#27

I think that this discussion became pointless.

:blessyou:


#28

Ok. Sorry everyone. I got off topic. Closer on topic is how, despite my dislike of genders, I do prefer Latin as Mass language instead of English. If we don’t know why a church needs a language (outdated other dialects of ones used in other rites accepted), we’ll toss them out and accept convenience instead. America is having problems because it forgot why certain laws and such were originally there and we’ve forgotten basic knowledge of our nation. Thus, we’ll go blind and fall into disrepair, possibly for good (except for the One, Holy, Catholic and Apostolic Church), whose dogmas Satan has circumvented by leadership making Masses people-focused instead of the Mass looking like a priest leading us to the cross to reflect upon Christ’s sacrifice. Pride was actually the cause of that, I think, not laziness. As language holds keys to the culture, so has much been forgotten with the disuse of liturgical Latin at Mass and at Catholic schools. We have followed the world in forgetting our patrimony.
I’m not saying we should toss out genders, I just don’t see the logic, outside of a pre-Christian animism, for genders for non-living things, except to be cute or practical (I don’t know which describes a ship being called a woman). Maybe it should be known as Europe and other developed nations are headed for a big collapse due to ignorance about their culture.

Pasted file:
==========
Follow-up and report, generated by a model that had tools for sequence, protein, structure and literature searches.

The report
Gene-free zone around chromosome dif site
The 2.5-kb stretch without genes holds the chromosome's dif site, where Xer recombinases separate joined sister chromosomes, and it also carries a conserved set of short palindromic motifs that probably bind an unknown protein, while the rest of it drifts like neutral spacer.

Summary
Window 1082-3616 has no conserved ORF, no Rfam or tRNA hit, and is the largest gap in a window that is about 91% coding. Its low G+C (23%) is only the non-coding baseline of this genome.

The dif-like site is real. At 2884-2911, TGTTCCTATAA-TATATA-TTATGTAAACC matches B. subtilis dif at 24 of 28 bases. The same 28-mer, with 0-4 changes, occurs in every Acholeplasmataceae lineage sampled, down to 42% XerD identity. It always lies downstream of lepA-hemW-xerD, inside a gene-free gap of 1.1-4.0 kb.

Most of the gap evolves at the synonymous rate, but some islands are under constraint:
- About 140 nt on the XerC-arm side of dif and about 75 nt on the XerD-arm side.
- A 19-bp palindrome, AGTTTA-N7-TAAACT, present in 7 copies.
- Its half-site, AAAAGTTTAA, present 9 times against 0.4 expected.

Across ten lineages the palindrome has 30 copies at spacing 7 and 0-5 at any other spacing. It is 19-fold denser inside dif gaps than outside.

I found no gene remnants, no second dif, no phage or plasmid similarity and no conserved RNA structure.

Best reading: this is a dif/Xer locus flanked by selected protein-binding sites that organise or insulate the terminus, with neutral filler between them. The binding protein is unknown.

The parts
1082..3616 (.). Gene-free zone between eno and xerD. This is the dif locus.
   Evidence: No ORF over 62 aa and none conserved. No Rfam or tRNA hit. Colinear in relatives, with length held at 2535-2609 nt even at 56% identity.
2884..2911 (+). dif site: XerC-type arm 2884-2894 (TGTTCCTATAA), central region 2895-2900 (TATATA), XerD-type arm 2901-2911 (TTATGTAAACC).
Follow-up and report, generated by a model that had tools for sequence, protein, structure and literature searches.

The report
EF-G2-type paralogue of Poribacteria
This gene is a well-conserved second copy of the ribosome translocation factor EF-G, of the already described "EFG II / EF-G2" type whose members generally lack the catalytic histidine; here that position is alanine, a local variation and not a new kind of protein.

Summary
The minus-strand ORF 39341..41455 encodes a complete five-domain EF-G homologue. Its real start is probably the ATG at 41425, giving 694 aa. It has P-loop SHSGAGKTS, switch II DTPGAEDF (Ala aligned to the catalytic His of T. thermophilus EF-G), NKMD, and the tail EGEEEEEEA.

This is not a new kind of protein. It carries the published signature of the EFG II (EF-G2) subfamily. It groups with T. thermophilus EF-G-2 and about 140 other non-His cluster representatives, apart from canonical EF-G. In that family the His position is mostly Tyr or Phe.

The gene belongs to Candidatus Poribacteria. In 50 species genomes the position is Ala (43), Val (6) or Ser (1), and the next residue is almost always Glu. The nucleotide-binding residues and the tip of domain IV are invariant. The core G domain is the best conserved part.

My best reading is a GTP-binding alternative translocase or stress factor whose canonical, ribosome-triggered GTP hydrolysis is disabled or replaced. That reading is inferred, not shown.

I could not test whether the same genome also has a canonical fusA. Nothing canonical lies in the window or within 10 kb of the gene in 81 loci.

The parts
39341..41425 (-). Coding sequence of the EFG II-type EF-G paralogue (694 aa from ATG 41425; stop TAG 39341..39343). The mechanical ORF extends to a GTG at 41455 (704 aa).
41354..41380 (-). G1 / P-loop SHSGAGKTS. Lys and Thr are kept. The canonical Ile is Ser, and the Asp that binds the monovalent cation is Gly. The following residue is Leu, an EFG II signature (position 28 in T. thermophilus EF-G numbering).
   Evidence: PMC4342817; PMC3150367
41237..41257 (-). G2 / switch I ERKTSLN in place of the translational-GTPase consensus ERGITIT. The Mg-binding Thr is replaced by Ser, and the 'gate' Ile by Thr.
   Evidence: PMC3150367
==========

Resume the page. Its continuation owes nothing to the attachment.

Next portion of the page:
The Church is also a worldwide culture, not a subculture of the prevailing secular culture, but with ancient variations it allowed in wiser times, and needs a central language and all its borders–not just dogma, or Satan can just play games with leaders’ minds with his pipe and then lead people out, regardless of the Church’s infallibility. Language, culture, borders–Michael Savage’s mantra applies to us. Don’t meddle with the languages–just know why they are as they are. Teach that in schools as well as Latin in any school, not just Catholic, as many languages use it. You don’t have to like them to accept them, but you’ll lose your heritage if you toss them out because “It’s a dead language and I want to pray as I talk” (as the dictionaries dumb down English by accepting all popular words and prepositions get places at the end of sentences, things I’ll say unconsciously, I really don’t want to pray as I speak)–not in group or formal praying like Mass or a benediction. It could get that way as drums have entered some parishes to be “relevant”. Prayers you’d read in a pre-60s Catholic book, maybe, but that’s not what we see in books today or how we speak.


#29

If you have a problem with calling nouns ‘masculine’ and 'feminine", it might be easier to think of them as noun classes rather than noun genders.

I’m not a linguist, but I’ve taken a few courses in the subject and it seems to me that when a language has 2 or 3 noun classes it is natural to think of them as masculine, feminine, and neuter because we are used to having our world ordered that way. Did it occur to you that perhaps the structure of the language developed noun classes first and then when people tried to describe their language they ended up calling these classes ‘masculine’, ‘feminine’ etc.?